5 Healthy Food habits You Never Knew Could Raise Your Diabetes Risk and blood sugar

Type 2 diabetes is caused by insulin resistance, which occurs when the body cannot properly use insulin, the hormone that controls blood sugar levels. There are a number of things that can cause insulin-producing cells to become exhausted and fail. Top offenders include: inactivity, obesity, smoking, consuming too much alcohol, and regularly eating high-glycemic foods that spike blood sugar, say Harvard T. H. Chan School of Public Health experts. But there are other, less talked about behaviors that can increase your risk of the condition.

Take these five dietary habits, for example. They may seem harmless, but nixing them could lower your likelihood of developing type 2 diabetes.

Eating only “starchy” vegetables
It’s great that you fit vegetables into your diet—they provide a healthy blend of nutrients, and a new study found that antioxidants found in produce could help reduce type 2 diabetes risk.

However, it’s best not to pair starchy vegetables with other carbohydrate-rich foods. (Think: rice with sweet potatoes). While too much starch doesn’t directly raise your risk of diabetes, it can contribute to weight gain and blood sugar spikes, both of which could up your risk. As with any food, moderation is key.
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Today, more than 30 million Americans have diabetes. It’s the underlying cause of over 79,000 deaths per year—and contributes to hundreds of thousands more, according to the American Diabetes Association.

Type 2 diabetes is caused by insulin resistance, which occurs when the body cannot properly use insulin, the hormone that controls blood sugar levels. There are a number of things that can cause insulin-producing cells to become exhausted and fail. Top offenders include: inactivity, obesity, smoking, consuming too much alcohol, and regularly eating high-glycemic foods that spike blood sugar, say Harvard T. H. Chan School of Public Health experts. But there are other, less talked about behaviors that can increase your risk of the condition.

Take these five dietary habits, for example. They may seem harmless, but nixing them could lower your likelihood of developing type 2 diabetes.


1-Eating only “starchy” vegetables
It’s great that you fit vegetables into your diet—they provide a healthy blend of nutrients, and a new study found that antioxidants found in produce could help reduce type 2 diabetes risk.

However, it’s best not to pair starchy vegetables with other carbohydrate-rich foods. (Think: rice with sweet potatoes). While too much starch doesn’t directly raise your risk of diabetes, it can contribute to weight gain and blood sugar spikes, both of which could up your risk. As with any food, moderation is key.


“Many people don’t consider vegetables like sweet potatoes, corn, and peas to be sources of starch,” says Jenifer Bowman, RD, a dietitian at UCHealth in Fort Collins, Colorado. “But if you’re trying to regulate your blood sugar, you need to be aware of overall carbohydrate content.”

To make sure every meal is a balanced one, fill half your plate with non-starchy produce like leafy greens, then fill the rest with equal parts protein and grains or starchy vegetables. (So, quinoa or corn—not both.)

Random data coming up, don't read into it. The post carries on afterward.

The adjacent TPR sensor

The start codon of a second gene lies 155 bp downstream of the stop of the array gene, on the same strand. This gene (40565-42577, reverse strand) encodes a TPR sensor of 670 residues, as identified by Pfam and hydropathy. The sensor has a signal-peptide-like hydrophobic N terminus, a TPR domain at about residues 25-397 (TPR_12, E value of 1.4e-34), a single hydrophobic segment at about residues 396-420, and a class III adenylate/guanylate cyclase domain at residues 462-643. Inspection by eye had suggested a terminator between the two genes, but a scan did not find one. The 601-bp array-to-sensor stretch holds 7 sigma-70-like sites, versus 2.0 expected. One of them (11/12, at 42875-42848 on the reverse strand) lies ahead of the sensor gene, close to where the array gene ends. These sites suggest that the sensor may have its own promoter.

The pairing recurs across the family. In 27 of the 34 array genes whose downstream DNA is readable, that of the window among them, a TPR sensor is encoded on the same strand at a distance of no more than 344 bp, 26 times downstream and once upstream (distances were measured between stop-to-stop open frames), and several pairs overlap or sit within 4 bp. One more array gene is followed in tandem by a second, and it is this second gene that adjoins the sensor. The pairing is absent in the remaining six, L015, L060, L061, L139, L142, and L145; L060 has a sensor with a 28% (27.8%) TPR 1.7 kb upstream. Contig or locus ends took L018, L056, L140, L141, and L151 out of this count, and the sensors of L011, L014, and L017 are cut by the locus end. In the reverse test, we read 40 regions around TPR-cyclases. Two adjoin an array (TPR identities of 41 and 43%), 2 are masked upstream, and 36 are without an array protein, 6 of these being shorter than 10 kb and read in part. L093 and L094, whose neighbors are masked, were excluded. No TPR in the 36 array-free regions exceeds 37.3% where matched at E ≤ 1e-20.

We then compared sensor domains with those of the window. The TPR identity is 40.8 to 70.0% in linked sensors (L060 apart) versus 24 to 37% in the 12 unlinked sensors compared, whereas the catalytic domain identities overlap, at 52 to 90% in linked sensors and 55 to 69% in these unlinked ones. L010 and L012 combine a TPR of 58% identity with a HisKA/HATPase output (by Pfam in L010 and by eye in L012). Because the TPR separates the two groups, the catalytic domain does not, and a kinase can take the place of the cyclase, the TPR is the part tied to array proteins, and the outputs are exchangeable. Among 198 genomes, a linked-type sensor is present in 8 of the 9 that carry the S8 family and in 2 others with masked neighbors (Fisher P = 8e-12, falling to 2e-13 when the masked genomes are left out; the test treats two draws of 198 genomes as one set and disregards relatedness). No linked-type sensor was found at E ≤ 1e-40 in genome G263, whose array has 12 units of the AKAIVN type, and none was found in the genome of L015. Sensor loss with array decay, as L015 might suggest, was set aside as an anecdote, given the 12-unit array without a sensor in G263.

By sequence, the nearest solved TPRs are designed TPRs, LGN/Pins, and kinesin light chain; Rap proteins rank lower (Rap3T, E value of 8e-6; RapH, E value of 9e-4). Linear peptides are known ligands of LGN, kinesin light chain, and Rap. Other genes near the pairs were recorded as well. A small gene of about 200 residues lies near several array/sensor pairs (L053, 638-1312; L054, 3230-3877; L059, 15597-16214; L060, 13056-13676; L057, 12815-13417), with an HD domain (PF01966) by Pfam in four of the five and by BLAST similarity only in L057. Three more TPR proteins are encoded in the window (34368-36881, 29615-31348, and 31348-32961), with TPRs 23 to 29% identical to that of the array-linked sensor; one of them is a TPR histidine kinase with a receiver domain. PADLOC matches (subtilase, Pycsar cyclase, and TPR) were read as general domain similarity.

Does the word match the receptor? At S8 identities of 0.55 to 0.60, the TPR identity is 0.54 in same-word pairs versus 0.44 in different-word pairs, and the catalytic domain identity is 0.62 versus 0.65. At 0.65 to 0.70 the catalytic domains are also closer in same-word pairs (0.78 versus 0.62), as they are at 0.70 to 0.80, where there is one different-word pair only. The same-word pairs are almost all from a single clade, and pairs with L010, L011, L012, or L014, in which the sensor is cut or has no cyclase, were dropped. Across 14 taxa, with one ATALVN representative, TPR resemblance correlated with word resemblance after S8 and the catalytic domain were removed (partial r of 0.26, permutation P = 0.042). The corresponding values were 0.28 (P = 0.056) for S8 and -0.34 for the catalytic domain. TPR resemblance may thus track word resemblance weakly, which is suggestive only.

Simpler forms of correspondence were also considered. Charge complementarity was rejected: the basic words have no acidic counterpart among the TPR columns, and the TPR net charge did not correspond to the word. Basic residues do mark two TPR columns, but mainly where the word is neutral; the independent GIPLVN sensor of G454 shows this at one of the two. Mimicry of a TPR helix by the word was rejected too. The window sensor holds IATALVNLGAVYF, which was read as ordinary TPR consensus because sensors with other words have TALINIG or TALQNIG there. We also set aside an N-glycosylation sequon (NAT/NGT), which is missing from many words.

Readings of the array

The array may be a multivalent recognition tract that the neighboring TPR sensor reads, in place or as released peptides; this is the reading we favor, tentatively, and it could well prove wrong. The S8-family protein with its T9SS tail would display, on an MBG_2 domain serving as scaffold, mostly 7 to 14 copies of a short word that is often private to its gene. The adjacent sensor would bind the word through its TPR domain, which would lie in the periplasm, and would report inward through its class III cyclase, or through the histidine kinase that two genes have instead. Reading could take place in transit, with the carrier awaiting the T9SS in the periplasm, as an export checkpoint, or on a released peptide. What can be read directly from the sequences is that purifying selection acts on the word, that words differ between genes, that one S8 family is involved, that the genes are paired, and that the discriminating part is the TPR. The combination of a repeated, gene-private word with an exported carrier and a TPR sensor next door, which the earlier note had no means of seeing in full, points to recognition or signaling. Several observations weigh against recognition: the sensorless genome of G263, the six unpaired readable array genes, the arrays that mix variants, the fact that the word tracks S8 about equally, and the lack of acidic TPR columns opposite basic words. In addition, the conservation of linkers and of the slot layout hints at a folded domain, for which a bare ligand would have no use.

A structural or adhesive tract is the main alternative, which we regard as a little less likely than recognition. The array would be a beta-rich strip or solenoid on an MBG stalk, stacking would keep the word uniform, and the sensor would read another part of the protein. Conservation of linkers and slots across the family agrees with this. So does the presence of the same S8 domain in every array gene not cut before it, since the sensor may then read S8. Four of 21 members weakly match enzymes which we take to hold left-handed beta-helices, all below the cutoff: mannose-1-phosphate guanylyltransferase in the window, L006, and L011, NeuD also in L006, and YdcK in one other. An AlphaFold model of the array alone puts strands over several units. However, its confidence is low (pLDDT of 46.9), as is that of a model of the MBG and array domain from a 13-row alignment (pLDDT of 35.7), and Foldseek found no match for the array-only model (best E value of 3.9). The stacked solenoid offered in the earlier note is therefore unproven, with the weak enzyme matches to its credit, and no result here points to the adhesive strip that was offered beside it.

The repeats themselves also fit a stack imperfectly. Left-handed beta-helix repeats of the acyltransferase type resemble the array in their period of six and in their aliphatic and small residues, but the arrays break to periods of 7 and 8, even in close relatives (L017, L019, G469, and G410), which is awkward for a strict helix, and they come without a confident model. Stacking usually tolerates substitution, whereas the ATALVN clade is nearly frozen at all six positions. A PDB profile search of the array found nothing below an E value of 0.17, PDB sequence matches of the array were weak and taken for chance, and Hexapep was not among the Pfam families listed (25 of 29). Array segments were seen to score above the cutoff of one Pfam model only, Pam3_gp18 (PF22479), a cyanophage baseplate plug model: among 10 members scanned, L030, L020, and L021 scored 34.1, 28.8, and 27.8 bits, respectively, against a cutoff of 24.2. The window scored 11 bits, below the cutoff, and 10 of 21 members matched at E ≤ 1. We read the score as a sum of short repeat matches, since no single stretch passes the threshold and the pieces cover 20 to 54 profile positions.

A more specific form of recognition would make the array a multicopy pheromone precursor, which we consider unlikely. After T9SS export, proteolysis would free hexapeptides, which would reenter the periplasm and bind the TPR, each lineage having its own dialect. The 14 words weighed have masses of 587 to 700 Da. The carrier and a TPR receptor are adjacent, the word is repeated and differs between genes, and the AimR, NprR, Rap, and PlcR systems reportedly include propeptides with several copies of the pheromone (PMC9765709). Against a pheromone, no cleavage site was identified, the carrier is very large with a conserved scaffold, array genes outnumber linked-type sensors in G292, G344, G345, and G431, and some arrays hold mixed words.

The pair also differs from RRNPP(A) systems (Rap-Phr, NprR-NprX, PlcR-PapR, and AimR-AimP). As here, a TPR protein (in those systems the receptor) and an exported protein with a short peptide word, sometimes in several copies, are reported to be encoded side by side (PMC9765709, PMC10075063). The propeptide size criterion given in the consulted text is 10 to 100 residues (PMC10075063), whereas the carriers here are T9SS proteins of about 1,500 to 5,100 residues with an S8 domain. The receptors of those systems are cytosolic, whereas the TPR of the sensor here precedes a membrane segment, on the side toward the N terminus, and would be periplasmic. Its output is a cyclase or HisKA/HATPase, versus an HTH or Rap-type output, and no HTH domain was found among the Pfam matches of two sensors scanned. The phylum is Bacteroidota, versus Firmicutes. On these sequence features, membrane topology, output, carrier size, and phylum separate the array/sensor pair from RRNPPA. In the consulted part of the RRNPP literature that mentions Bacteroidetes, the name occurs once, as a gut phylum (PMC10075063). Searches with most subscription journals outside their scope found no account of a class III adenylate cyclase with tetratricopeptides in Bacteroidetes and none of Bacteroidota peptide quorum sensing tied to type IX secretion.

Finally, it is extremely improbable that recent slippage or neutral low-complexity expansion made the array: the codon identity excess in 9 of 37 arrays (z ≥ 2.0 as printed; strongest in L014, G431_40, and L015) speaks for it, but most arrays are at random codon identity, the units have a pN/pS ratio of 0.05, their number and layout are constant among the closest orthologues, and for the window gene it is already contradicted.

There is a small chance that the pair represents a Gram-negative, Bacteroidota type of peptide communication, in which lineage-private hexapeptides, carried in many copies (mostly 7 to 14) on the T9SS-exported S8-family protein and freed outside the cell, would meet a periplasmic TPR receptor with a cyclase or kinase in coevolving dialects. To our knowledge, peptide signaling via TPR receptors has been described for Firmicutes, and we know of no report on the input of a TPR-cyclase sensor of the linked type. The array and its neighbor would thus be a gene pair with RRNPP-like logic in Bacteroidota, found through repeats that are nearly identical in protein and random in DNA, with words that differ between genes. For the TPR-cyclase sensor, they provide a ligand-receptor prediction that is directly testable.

2 - Regularly snacking on dried fruit
It may seem like a healthy snack, but dried fruits can cause blood sugar spikes, and don’t ward off hunger like their fresh counterparts.

“If you eat a whole apricot, you’ll probably feel somewhat full from just one fruit,” says Fatima Cody Stanford, MD, an obesity medicine physician at Massachusetts General Hospital Weight Center. “However, if you’re eating dried apricot, you probably have to eat quite a few of them for the same effect.” This means you’re consuming a ton more sugar—without the fiber that will blunt its effects on your blood sugar.

“When we dry food, we take away a lot of the fibrous content that promotes satiety and helps to regulate blood sugar,” Stanford explains.

The occasional dried fruit snack won’t hurt you, but Stanford recommends eating this snack sparingly. Instead, opt for the real deal—a fresh apple or juicy grapes, for instance. (The water content in these fruits may also help to keep you fuller, longer).

3 -  Not eating enough nuts
The healthy polyunsaturated fats found in nuts and seeds have been found to help prevent type 2 diabetes by improving insulin sensitivity, according to a Swedish study. What’s more, walnuts, in particular, may activate a part of the brain that’s involved in appetite control. Snack on them in the afternoon to help you resist sugary snacks or drinks that contribute to diabetes risk.

Consuming too much red meat
Although red meat is typically associated with heart disease risk, there’s evidence that eating it even in small amounts can increase the risk of diabetes. One meta-analysis from the Harvard School of Public Health found that a daily serving of red meat was associated with a 19% increased risk of type 2 diabetes. (These are 5 other health concerns linked to type 2 diabetes.)

Although researchers aren’t certain how red meat causes an increased risk, its high iron content could play a role by damaging insulin-producing cells. Swapping a daily serving of red meat for a healthier source of protein, like nuts, low-fat dairy, or whole grains was associated with up to a 35% lower risk of type 2 diabetes in the meta-analysis.

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5 Healthy Food habits You Never Knew Could Raise Your Diabetes Risk and blood sugar